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FIRST-PERSON: Trying (and failing) to make sense of postmodernism

The opinions expressed by columnists are their own and do not necessarily represent the views of
ALEXANDRIA, La. (BP) -- Once upon a time if a person sincerely believed he or she was born the wrong sex, the person would be deemed to have a psychological disorder, urged to seek psychiatric help. Not anymore.

These days if a person believes he or she was born the wrong sex, the person is encouraged to live out whatever is believed to be true. Not only that, the person is further encouraged to correct nature's mistake by undergoing radical, reconstructive surgery and hormone therapy.

This is one of the best illustrations of how postmodern thought and its subjective nature has affected America, as well as the whole of western civilization. And let me say: Postmodern philosophy is easier illustrated than it is explained.

Space will not allow a detailed history of postmodernism. It is generally accepted to have been conceived in the early 20th century. Trickling down from the ivory towers of academia, it grew in popularity in the 1950s and saturated literature and art in the 1960s. Postmodern thought now influences almost every aspect of popular culture to at least some degree.

Understanding and explaining postmodern philosophy is a bit like trying to nail Jello-O to a tree. All adherents do not agree, but they generally fall into one of two categories. Some postmodern thinkers claim there is no such thing as absolute, objective truth. Others assert that absolute, object truth may exist but that it cannot be known.

No matter how you slice postmodernism, though, absolute, objective truth is deemed irrelevant. In a postmodern world, the individual constructs his or her own truth.


The very nature of postmodern thought makes it a rather confusing subject to address. Consider the comments of Umberto Eco, professor of semiotics at the University of Bologna in Italy:

"I think of the postmodern attitude as that of a man who loves a very cultivated woman and knows that he cannot say to her 'I love you madly,' because he knows that she knows (and that she knows he knows) that these words have already been written by Barbara Cartland. Still there is a solution. He can say 'As Barbara Cartland would put it, I love you madly.' At this point, having avoided false innocence, having said clearly it is no longer possible to talk innocently; he will nevertheless say what he wanted to say to the woman: that he loves her in an age of lost innocence."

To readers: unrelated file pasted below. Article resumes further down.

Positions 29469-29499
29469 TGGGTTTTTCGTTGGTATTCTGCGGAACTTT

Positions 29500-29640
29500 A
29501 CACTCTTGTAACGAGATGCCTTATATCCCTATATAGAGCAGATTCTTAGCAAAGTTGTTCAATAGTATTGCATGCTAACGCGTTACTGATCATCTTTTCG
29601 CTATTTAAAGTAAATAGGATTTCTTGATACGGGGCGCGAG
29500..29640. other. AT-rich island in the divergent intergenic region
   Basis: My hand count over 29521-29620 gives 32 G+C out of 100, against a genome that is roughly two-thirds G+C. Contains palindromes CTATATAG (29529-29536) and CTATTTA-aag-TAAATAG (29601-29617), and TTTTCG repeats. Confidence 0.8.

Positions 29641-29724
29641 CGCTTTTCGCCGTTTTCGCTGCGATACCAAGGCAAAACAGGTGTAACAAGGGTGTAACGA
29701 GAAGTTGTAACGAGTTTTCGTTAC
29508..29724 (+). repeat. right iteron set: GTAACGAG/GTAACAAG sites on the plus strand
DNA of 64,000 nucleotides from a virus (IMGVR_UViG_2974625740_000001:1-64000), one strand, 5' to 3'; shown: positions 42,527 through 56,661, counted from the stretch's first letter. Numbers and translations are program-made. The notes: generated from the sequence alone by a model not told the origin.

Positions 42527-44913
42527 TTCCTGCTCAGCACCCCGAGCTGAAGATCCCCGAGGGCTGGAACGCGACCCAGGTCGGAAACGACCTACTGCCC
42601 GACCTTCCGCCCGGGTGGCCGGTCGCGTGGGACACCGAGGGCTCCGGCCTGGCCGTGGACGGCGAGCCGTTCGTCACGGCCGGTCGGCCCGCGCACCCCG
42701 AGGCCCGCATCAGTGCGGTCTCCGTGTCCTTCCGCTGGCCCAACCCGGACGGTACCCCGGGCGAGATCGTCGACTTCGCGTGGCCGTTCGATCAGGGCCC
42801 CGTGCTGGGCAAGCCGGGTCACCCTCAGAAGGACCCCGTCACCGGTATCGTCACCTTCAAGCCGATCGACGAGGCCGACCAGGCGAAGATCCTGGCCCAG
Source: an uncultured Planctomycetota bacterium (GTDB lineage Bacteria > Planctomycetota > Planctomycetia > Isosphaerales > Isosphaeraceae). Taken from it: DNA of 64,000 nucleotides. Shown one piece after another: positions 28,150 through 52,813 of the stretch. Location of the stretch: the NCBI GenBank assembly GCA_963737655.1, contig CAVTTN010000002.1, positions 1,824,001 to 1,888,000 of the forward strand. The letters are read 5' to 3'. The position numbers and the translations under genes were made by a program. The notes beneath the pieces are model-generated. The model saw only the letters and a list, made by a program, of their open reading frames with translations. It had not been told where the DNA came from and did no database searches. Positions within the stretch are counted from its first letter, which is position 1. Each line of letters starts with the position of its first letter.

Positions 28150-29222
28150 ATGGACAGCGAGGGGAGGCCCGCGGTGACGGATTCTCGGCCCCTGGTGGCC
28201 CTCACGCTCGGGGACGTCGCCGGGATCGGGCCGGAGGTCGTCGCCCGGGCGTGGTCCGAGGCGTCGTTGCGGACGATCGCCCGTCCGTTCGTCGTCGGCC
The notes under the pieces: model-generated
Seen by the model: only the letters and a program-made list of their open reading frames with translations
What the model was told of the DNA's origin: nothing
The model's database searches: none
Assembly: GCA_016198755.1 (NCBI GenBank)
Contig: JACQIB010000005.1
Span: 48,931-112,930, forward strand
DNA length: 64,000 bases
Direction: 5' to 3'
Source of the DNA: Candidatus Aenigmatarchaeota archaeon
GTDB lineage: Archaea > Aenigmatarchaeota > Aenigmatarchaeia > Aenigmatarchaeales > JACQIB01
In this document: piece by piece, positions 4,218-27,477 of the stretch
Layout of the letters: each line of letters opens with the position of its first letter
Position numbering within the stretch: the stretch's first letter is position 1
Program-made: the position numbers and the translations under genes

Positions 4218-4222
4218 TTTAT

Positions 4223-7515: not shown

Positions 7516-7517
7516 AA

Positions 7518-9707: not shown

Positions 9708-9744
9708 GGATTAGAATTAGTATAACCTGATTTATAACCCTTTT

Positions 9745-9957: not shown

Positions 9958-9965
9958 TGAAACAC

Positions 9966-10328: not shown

Confused? Let's try another one. "There are no hard distinctions between what is real and what is unreal nor between what is true and what is false. A thing is not necessarily either true or false; it can be both true and false," said Harold Pinter, English author and recipient of the Nobel Prize for literature in 2005.

How did we get to the place where truth is subjective, nothing is true or false, where no one is allowed to pass judgment and where believing you have been born the wrong sex is just a variation of normal?

I believe parsing an old saying can help to understand the current state of popular culture. The saying is, "God said it, I believe it, that settles it."


If you take the first and last portions of the saying, you have the traditional and/or Christian understanding of truth: "God said it; that settles it." Once, a consensus in society accepted truth as absolute, objective and residing outside the individual. Its source was widely accepted to be God and His Word.

Along came those who rejected the idea of objective truth. They said, "God said, I believe it." Truth became relative to the individual. Neo-orthodox theology introduced the idea that the Bible is not God's Word; it only contains God's Word.

Those who held to the idea of objective truth could still debate the nature of truth with those who believed truth to be relative, because truth was something that both sought outside themselves. It was accepted by both that God was still the source of truth. As such, there remained much agreement, especially truth as it related to morality.

Then along came those who rejected both the objective and relativistic view of truth. They said, "I believe it; that settles it." God, in their mind, was no longer the source of truth. Instead, truth was deemed to be subjective. Truth was not something to be discovered, it was to be declared by the individual.

In the postmodern world, the individual is the source of truth -- no matter how absurd that truth may seem. And since the idea of absolute truth is rejected, everyone's truth is said to be equally valid and thus must be respected and accepted.


In the postmodern world there is only one unpardonable sin, one absolute if you will, and that is refusing to accept another's truth because you cling to the belief of objective truth. Sounds a bit hypocritical doesn't it? But you see postmodern thinkers don't have to deal with hypocrisy. They can simply choose to believe it doesn't exist.

Kelly Boggs is a weekly columnist for Baptist Press, director of the Louisiana Baptist Convention's office of public affairs, and editor of the Baptist Message , newsjournal of the Louisiana Baptist Convention. Get Baptist Press headlines and breaking news on Twitter (@BaptistPress), Facebook ( ) and in your email (

Copyright (c) 2012 Southern Baptist Convention, Baptist Press


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